Dozens of electric vehicles, mostly Nissan Leafs, paraded down Egan Drive Saturday as part of an Earth Day rally organized by local electric vehicle advocates. The rally was put on by the Juneau Electric Vehicle Association and sponsored by several local organizations, including the City and Borough of Juneau.
The rally is meant to highlight the benefits of electric vehicles, according to Duff Mitchell, managing director of Juneau Hydropower — one of the sponsoring organizations.
“Juneau is unique, there’s no other charging system like it in the country,” Mitchell said in a phone interview.
The city of Juneau has partnered with groups like JEVA, Juneau Hydropower and Alaska Electric Light and Power to provide 23 free charging stations around town, making electric vehicles more attractive here, he said.
“Economically they’re really good for Juneau, that’s why you see a lot of people buying used (EVs),” Mitchell said.
In addition to the low cost of charging Juneau’s climate is just right for EV batteries, meaning they last longer here than in other areas of the country.
This year’s rally was led by CBJ’s first electric bus, which was unveiled at an event earlier this month with a video message from Sen. Lisa Murkowski, R-Alaska, and a speech from Gov. Mike Dunleavy celebrating electric vehicles. Juneau Mayor Beth Weldon said at the event the city intends to eventually have 18 electric buses.
Saturday’s rally featured a number of elected representatives, both local lawmakers and legislators from other districts took part. Senate President Peter Micciche, R-Soldotna and Sens. Jesse Kiehl, D-Juneau; Robert Meyers, R-North Pole, and Mia Costello, R-Anchorage, joined in, as did Rep. Calvin Schrage, I-Anchorage. City officials, including Mayor Beth Weldon and Juneau School District Superintendent Bridget Weiss among others were also present.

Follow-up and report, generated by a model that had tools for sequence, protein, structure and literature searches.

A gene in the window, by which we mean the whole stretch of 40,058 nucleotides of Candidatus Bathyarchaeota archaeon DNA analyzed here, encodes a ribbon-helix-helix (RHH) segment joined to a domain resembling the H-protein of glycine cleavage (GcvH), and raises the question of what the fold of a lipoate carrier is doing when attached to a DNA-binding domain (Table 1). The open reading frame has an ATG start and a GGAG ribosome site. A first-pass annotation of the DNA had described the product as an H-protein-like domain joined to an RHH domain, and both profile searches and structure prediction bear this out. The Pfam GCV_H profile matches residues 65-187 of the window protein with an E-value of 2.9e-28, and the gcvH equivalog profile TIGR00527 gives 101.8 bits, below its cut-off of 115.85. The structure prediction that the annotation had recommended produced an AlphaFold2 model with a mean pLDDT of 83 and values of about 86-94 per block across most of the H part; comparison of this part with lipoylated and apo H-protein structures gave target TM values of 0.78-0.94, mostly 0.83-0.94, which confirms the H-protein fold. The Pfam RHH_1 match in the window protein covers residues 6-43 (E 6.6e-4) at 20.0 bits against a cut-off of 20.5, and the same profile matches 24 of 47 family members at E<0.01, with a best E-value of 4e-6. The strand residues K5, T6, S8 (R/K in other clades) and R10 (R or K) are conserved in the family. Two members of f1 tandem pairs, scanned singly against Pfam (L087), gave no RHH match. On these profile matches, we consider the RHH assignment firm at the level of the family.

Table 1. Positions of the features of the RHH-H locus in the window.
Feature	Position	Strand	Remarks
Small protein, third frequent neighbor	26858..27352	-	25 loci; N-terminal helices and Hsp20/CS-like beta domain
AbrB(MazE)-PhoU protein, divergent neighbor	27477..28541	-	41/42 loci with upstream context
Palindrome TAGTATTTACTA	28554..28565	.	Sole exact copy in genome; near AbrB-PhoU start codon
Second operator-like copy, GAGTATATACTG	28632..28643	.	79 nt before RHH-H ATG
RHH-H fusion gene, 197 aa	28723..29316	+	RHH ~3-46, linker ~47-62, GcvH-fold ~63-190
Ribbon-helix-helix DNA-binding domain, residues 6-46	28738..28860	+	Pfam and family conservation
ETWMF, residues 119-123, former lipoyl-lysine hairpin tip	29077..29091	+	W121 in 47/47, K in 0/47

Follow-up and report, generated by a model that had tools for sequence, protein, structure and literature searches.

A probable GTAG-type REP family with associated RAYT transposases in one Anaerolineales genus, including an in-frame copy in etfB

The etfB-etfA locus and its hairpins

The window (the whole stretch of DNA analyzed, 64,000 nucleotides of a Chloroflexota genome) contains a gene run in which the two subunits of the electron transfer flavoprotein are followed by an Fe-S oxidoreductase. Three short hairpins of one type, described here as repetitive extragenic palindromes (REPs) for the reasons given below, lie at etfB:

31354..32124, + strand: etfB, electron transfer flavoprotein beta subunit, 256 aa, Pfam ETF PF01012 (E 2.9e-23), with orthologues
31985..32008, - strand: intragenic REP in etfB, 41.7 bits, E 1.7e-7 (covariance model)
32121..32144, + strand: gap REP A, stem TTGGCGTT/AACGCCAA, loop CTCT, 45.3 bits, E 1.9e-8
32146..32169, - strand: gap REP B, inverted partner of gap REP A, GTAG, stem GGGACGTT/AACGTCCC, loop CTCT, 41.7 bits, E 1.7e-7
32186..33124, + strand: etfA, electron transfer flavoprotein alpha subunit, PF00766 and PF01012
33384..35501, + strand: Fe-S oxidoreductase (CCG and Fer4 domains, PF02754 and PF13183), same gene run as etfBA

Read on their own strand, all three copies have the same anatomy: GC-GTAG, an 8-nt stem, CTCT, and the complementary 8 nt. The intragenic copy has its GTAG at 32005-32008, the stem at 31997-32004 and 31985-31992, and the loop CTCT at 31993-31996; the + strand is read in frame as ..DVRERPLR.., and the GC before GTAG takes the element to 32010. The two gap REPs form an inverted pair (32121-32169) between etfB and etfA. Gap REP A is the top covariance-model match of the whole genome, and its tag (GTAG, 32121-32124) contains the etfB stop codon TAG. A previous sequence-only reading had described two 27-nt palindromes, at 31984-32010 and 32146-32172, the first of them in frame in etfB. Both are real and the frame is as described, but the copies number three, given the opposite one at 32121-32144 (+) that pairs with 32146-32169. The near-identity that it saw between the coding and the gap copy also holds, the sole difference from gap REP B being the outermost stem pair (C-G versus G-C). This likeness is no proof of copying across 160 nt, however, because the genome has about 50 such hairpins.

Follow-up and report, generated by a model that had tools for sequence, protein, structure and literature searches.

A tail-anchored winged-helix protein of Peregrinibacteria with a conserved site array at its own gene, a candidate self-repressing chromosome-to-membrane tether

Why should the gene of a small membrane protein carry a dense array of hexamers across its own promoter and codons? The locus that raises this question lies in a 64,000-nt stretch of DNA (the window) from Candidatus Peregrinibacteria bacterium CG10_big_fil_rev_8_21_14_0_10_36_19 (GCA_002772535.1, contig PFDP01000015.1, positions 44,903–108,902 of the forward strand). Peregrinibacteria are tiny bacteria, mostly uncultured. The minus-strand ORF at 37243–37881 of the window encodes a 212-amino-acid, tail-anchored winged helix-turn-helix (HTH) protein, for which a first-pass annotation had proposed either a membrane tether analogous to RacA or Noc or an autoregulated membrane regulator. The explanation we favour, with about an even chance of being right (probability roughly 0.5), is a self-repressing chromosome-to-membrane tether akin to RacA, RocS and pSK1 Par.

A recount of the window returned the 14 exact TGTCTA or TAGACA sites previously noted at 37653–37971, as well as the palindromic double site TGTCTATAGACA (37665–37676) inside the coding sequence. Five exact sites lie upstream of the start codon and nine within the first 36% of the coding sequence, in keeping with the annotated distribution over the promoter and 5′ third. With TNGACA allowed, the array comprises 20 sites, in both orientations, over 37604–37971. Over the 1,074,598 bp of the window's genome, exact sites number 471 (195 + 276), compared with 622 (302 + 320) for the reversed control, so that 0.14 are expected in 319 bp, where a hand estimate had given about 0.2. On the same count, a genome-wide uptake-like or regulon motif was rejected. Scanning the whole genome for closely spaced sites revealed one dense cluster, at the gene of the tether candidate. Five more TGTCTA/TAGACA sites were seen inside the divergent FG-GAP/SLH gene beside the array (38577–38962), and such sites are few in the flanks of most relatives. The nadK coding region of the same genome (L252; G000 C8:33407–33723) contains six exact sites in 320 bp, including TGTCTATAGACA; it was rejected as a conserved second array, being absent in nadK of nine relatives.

One electric vehicle owner, Kristi Peel, said she had spent nearly two decades with a Chrysler PT Cruise but had recently upgraded to a late model Chevy Bolt.
“I love it,” she said, noting a particular fondness for the heated steering wheel —not that it was needed on a sunny Saturday.
But while Juneau does have a lot of amenities for electric vehicles, Mitchell said, there are still some issues.
Most of the electric vehicles in Juneau are Nissan Leafs, he said, followed closely by Chevy Bolts with the number of Teslas in town growing. Mitchell estimated there were about 500 electric vehicles in Juneau and said that about 400 of those were Leafs.
But while Nissan’s vehicles are popular, there’s no certified retailer in Juneau, meaning repairs can get expensive as cars need to be shipped to where they can be serviced. Mitchell and other electric vehicle advocates had been in negotiations with Nissan for years and while the company has never said “no,” Mitchell said they similarly haven’t said “yes.”
But the city of Juneau has already worked to help make electric vehicles more attractive locally, Mitchell said, and there were grant programs available to businesses interested in installing charging stations.
The rally is held annually for Earth Day and is one of many such rallies that take place across the country. On Saturday the vehicles left from near Centennial Hall downtown before proceeding to the Mendenhall Valley and ending at Saviko Beach in Douglas.